The Life of David Gale may or may not be Alan Parker's worst film (I still haven't seen a bunch, from the Road to Wellville to Mississippi Burning) but for me it's the worst film I've seen since it was previewed for SF Film Society members (which I was not, and can't remember how I got into that screening) in early 2003. Beware of your queue. Still, anyone who considered Parker their favorite director would find themselves in the company of Oxide Pang, half of the directing team behind slick South-East Asian thrillers Bangkok Dangerous and the Eye, and all the directing team behind the simply awful One Take Only. Oxide may have the cooler name, but I suspect his brother Danny may have the talent and/or sensibility that made the first two films I mentioned, and his similarly-themed but superior solo effort Nothing to Lose highly watchable. Still, I'm afraid they've both managed to fall off my list of filmmakers to spend any effort tracking down the work of. I have an unwatched copy of the Eye 2 sitting around somewhere but it doesn't really call me to pop it in the player.

I am scared of your Christmas Vaction quiz. I have other things to do then too, you know!

Dennis Cozzalio said...

I promise, not 42 questions this time! It nearly killed me compiling all that stuff from the summer quiz, and with all the potential new contributors, holy schnieke, it'd be Memorial Day before I ever got anything put together.

Sure, I'd see Escape from L.A. again on DVD, if the timing was right and it required no effort on my part to coordinate the screening (!!) But I find myself pining to see Carpenter's Ghosts of Mars again, which I thought was a nice little return to form for him after so many duds in a row.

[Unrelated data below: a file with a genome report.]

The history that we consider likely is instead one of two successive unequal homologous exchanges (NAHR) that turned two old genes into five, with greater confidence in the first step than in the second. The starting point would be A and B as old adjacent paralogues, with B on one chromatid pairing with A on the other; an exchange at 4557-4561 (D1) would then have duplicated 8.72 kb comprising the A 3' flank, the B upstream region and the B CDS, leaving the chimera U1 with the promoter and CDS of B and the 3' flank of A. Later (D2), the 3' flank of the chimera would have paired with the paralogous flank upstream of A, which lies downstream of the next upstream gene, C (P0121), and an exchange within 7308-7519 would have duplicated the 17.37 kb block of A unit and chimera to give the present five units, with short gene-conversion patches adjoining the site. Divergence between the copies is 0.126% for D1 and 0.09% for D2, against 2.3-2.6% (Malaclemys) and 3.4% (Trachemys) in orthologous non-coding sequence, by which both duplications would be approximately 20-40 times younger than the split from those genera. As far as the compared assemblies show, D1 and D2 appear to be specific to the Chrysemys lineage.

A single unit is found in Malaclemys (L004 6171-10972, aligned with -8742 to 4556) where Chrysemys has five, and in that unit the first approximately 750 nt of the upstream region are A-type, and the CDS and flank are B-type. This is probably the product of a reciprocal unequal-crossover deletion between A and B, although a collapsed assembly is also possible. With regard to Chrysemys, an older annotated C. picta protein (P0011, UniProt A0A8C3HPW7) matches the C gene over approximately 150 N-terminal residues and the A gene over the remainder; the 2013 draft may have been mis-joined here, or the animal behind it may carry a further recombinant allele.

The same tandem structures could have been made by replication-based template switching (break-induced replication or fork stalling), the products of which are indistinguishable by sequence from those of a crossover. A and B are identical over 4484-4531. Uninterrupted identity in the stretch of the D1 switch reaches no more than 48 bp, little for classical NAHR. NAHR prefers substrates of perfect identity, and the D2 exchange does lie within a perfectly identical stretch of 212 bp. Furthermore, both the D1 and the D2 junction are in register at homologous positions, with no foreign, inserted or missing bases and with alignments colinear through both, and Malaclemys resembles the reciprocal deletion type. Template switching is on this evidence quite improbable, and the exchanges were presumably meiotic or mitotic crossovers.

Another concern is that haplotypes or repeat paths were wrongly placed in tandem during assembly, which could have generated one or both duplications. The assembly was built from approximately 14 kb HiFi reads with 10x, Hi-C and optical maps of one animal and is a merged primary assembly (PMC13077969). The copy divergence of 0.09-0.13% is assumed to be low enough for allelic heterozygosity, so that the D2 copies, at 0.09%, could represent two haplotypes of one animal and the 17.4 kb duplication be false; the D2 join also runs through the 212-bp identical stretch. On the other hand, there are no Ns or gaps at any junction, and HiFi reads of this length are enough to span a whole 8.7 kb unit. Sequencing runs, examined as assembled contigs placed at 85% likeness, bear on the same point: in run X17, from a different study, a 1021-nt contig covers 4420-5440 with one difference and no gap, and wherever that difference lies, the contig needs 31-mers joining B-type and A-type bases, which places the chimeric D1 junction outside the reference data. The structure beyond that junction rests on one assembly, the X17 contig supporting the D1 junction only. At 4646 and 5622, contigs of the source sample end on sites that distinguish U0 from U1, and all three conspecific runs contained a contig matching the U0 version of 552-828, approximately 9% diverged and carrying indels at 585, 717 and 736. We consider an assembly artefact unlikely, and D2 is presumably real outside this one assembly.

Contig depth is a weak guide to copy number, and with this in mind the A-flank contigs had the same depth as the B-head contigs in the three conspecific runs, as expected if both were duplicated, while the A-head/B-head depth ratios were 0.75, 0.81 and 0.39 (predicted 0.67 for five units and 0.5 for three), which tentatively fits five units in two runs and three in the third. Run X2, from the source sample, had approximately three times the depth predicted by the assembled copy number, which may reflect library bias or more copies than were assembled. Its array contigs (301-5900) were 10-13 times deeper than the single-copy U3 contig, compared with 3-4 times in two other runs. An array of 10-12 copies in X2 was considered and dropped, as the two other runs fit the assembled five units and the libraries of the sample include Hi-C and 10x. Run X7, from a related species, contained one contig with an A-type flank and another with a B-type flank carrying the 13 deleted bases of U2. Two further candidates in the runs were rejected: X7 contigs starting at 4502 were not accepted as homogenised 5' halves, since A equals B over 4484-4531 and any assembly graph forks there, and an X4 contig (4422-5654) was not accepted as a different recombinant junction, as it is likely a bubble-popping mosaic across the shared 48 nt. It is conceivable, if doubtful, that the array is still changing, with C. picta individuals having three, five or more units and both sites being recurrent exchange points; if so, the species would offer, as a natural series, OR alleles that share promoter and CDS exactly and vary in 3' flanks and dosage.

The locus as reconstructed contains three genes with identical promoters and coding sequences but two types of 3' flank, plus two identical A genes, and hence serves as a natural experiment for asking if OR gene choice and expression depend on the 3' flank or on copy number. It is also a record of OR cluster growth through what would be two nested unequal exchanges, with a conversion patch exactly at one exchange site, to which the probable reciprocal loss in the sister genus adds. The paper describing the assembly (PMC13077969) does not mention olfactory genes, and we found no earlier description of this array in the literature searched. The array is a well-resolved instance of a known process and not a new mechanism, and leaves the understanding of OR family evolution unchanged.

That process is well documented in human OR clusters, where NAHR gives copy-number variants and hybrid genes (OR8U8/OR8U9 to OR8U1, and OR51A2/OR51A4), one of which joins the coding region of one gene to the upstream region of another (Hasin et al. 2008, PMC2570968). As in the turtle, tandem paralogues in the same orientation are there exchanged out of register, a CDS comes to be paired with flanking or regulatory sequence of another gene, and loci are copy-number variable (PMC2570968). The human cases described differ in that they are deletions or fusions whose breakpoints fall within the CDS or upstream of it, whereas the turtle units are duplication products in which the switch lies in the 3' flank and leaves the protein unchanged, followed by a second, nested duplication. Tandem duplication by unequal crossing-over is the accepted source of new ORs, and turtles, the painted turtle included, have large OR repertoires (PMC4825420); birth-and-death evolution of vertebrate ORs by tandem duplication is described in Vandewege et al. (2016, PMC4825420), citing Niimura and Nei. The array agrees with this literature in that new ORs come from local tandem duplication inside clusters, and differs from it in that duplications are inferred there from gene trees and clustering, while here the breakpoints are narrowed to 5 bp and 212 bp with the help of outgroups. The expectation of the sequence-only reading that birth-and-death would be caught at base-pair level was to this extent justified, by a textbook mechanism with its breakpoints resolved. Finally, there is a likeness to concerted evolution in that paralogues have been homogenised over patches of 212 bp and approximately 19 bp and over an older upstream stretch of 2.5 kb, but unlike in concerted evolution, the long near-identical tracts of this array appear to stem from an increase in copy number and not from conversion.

As for the Pangs, I'm unfamiliar with anything other than The Eye, and I really wasn't impressed with that to the degree that I was expecting/hoping to be. One of them (you suspect Danny) clearly has the cinematic chops as far as mise-en-scene goes-- there were some very good sequences in that movie-- but I thought it went very soft and diffuse just when it needed to be sharp and unflinching. I've seen The Eye 2 on shelves too, but I've never been interested, based on my reaction to the first one, and based on too much exposure to too many watered-down J-horror retreads of the same set of themes and visual ideas. I missed Pulse too, but I'm hoping the DVD, which is probably available somewhere already, will be coming down the pipe soon.

Beware my queue, indeed! I just sent back Night of the Lepus!

Roscoe said...

I have to say, I didn't follow this post to well, too many references over my head but if i'm to understand there is a xmas quiz?

Kick Arse! I'm in.

Dennis Cozzalio said...

Roscoe, you can check out last summer's quiz here:

The Christmas Vacation quiz won't be s long, but this is what you can expect as far as questions!

Peter Nellhaus said...

I figured I should return the compliment and visit your site Dennis. Keep in mind that the only baseball team I really care about is the Colorado Rockies. Too bad they haven't been much of a team for the past ten years, but it's kind of like being a fan of the Mets before 1969. (I hope that analogy holds.) I've been slowly playing catch up with the Pangs and really liked Danny's solo Ab-Normal Beauty. Alan Parker's best film, Shoot the Moon is only out on tape.

Roscoe said...

Has anyone seen " How I won the war", the John Lennon movie? I've been dying to see it but it's very difficult to get a hold of.

Anonymous said...

Hey Roscoe: How I Won the War shows up sometimes on Turner Classic Movies. I saw it in a theater over thirty years ago.